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Non-Competes, Garden Leaves Make Fund Workers Stay Put


Christopher Stief was quoted in Ignite on October 13, 2014. The article “Non-Competes, Garden Leaves Make Fund Workers Stay Put” discussed how switching companies every few years can result in higher salaries and loftier titles and how non-compete or garden leave agreement, which many workers may not have fully understood when they signed, can stop those plans dead in their tracks.

Judges “have a great deal of individual discretion,” leading verdicts in similar cases to vary widely, said Chris.

Another common tool companies use in place of non-competes are non-solicitation agreements. Such contracts could, for example, forbid wholesalers from urging their clients to transfer their business to the wholesaler’s new firm for a specified period of time.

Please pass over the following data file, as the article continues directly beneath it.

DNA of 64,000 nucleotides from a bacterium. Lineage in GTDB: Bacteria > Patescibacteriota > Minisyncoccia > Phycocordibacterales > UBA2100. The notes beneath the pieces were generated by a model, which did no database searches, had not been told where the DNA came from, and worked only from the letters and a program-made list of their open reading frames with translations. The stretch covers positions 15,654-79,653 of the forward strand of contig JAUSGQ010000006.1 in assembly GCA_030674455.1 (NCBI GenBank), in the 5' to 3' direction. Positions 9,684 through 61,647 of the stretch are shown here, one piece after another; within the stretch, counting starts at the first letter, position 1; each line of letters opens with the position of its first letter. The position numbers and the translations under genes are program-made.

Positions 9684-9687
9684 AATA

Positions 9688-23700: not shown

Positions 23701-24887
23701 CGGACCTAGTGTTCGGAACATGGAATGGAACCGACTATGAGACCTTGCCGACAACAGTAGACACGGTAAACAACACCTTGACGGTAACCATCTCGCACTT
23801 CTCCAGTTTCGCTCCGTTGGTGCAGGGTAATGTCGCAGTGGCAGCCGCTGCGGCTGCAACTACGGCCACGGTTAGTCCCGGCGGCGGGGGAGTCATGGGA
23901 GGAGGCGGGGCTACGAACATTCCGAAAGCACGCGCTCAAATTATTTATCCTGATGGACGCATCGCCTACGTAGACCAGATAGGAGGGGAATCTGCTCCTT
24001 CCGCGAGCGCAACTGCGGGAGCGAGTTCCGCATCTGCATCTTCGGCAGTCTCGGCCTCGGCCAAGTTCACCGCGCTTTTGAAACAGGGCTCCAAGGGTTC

Companies may also ask managers to sign an agreement that forbids them from recruiting current coworkers if they find themselves at a new shop.

“People worry about this when they lose the leader of a business unit, a trading desk, a retail branch, a wholesaling branch,” Chris said.

Stief estimates that employers take former workers to court for breaching an agreement in about half of all cases where such agreements exist.

“It’s pretty common for there to at least be a letter reminding an employee of his or her contract and the new employer that the contract exists,” he said. “You might work out a compromise.… It’s rare that these cases go all the way to trial.”

To read the full article, please visit Ignite. [subscription required]


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